First-ever ICH
(n=139)
P Value
Clinical characteristics
Age, Y, mean (SD)61.0 (12.5)60.8 (10.4)61.0 (13.1)0.902
Sex, male, n (%)139 (75.5)30 (66.7)109 (78.4)0.111
History of hypertension, n (%)122 (66.3)34 (75.6)88 (63.3)0.131
History of DM, n (%)17 (9.2)2 (4.4)15 (10.8)0.250
History of hyperlipidemia, n (%)6 (3.3)3 (6.7)3 (2.2)0.158
Smoking, n (%)61 (33.2)10 (22.2)51 (36.7)0.073
ICH etiology
 CAA-ICH, n (%)26 (14.1)5 (11.1)21 (15.1)0.066
 HA-ICH, n (%)75 (40.8)13 (28.9)62 (44.6)
 Mixed etiology-ICH, n (%)57 (31.0)21 (46.7)36 (25.9)
 Undetermined, n (%)26 (14.1)6 (13.3)20 (14.4)
Neuroimaging characteristics
ICH location,
 Deep, n (%)128 (69.6)28 (62.2)100 (71.9)0.177
 Lobar, n (%)48 (26.1)13 (28.9)35 (25.2)
 Cerebellum, n (%)8 (4.3)4 (8.9)4 (2.9)
Presence of lacunes, n (%)83 (45.1)26 (57.8)57 (41.0)0.049
Presence of WMH, n (%)90 (48.9)33 (73.3)57 (41.0)<0.0001
The severity of WMH
 Total WMH 0-2, n (%)81 (44.0)10 (22.2)71 (51.1)0.002
 Total WMH 3-4, n (%)50 (27.2)15 (33.3)35 (25.2)
 Total WMH 5-6, n (%)53 (28.8)20 (44.4)33 (23.7)
Presence of CMBs, n (%)135 (73.4)40 (88.9)95 (68.3)0.007
The severity of CMBs,
 0, n (%)49 (26.6)5 (11.1)44 (31.7)0.014
 1-4, n (%)63 (34.2)16 (35.6)47 (33.8)
 ≥5, n (%)72 (39.1)24 (53.3)48 (34.5)
Strictly deep CMBs, n (%)45 (24.5)11 (24.4)34 (24.5)0.998
Strictly lobar CMBs, n (%)27 (14.7)7 (15.6)20 (14.4)0.848
Mixed location CMBs, n (%)63 (34.2)22 (48.9)41 (29.5)0.017
The presence of cSS, n (%)44 (23.9)14 (31.1)30 (21.6)0.193
The presence of disseminated cSS, n (%)20 (10.9)6 (13.3)14 (10.1)0.584
Presence of EPVS>10 in BG, n (%)92 (50.0)23 (51.1)69 (49.6)0.864
The severity of EPVS in BG
 ≤10, n (%)92 (50.0)22 (48.9)70 (50.4)0.686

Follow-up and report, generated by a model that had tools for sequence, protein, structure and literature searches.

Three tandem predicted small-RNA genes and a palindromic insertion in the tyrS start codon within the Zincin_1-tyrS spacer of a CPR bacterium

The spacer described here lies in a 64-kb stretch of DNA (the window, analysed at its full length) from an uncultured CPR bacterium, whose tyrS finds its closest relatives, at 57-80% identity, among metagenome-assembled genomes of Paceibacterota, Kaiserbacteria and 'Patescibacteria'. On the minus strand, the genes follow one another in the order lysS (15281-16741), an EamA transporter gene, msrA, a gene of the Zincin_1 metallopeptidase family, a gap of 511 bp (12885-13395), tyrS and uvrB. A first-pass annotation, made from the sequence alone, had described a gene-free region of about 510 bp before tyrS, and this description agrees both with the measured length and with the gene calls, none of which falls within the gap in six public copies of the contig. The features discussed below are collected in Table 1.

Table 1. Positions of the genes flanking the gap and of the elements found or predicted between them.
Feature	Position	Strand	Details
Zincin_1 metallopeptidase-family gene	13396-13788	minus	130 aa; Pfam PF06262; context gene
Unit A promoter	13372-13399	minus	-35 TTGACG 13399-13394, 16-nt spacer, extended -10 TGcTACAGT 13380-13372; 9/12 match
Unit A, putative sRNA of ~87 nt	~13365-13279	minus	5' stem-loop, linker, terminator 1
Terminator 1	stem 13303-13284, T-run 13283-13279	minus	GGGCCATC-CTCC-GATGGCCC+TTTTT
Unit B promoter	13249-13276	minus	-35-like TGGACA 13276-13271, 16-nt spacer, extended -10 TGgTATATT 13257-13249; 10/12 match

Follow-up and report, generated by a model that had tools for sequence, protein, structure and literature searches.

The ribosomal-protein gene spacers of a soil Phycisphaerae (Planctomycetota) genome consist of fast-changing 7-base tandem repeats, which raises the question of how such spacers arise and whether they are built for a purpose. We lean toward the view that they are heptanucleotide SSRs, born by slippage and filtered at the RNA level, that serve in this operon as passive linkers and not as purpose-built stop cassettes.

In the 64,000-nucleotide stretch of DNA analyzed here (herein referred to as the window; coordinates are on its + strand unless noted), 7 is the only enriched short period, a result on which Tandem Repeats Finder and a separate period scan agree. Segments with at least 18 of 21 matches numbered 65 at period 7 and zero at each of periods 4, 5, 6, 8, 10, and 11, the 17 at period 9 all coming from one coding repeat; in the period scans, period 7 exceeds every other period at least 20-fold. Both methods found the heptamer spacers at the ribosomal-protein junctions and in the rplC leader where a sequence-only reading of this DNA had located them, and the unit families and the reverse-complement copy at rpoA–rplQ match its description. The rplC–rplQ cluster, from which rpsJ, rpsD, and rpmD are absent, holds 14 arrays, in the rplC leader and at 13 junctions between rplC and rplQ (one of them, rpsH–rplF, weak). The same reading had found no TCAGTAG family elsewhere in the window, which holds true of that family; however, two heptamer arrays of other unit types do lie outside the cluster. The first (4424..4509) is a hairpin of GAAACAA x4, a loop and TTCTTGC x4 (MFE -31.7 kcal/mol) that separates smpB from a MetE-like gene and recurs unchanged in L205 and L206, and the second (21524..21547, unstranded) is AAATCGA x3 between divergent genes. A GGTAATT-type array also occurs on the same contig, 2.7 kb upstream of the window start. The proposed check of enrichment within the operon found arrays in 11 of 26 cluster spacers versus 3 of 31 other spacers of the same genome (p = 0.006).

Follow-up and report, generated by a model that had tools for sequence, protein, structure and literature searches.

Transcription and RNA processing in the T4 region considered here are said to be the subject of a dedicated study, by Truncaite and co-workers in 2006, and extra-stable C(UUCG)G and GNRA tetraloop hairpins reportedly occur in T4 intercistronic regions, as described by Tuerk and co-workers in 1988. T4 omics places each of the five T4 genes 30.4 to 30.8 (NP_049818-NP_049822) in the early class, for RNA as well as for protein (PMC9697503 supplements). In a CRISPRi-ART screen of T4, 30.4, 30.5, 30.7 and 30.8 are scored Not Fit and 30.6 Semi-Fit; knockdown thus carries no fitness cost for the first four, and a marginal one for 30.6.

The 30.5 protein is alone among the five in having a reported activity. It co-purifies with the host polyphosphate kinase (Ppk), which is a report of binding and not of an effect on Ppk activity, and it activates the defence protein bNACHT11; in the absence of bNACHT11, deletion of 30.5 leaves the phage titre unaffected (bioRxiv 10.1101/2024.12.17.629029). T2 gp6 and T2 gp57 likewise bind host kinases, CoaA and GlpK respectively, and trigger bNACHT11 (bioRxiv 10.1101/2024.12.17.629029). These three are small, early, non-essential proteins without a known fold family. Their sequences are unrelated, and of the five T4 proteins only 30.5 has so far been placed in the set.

11-20, n (%)49 (26.6)14 (31.1)35 (25.2)
 >20, n (%)43 (23.4)9 (20.0)34 (24.5)
The severity of EPVS in CSO
 ≤10, n (%)78 (42.4)15 (33.3)63 (45.3)0.069
 11-20, n (%)46 (25.009 (20.0)37 (26.6)
 >20, n (%)60 (32.6)21 (46.7)39 (28.1)
CSVD score, median (IQR)2 (1-3)3 (2-4)2 (1-3)0.002
Table 1  Clinical and neuroimaging characteristics of the study population.
Figure 1.  Flow gram of patient selection.
CSVD scoreAll participants (n=184)Recurrent ICH (n=45)First-ever ICH (n=139)
0, n (%)25 (13.6)2 (4.4)23 (16.5)
1, n (%)36 (19.6)8 (17.8)28 (20.1)
2, n (%)41 (22.3)8 (17.8)33 (23.7)
3, n (%)46 (25.0)10 (22.2)36 (25.9)
4, n (%)36 (19.6)17 (37.8)19 (13.7)
Table 2  Total CSVD score for patients with recurrent ICH and first-ever ICH.
Figure 2.  Hematoma characteristics and CSVD score. A) the presence of recurrent ICH and CSVD score. B) The number of hematomas and CSVD score. C) the presence of mixed hematomas and CSVD score. D) the presence of bilateral hematomas and CSVD score.
VariableUnadjustedAge- + sex-adjustedFully adjusted
OR (95% CI)pOR (95% CI)pOR (95% CI)p
Recurrent ICH0.361 (0.195 to 0.668)0.0010.313 (0.167 to 0.587)<0.0010.332 (0.174 to 0.632)0.001
≥2 hematomas0.375 (0.206 to 0.685)0.0010.334 (0.181 to 0.616)<0.0010.365 (0.195 to 0.683)0.002
Mixed hematomas0.093 (0.034 to 0.258)<0.000010.064 (0.022 to 0.187)<0.0000010.073 (0.024 to 0.216)<0.00001
Bilateral hematomas0.354 (0.178 to 0.705)0.0030.288 (0.142 to 0.582)0.0010.322 (0.156 to 0.664)0.002
Table 3  Association between ICH and total burden of CSVD in ordinal regression analysis.
[1] Pantoni L, Fierini F, Poggesi A (2014). Thrombolysis in acute stroke patients with cerebral small vessel disease. Cerebrovasc Dis, 37:5-13.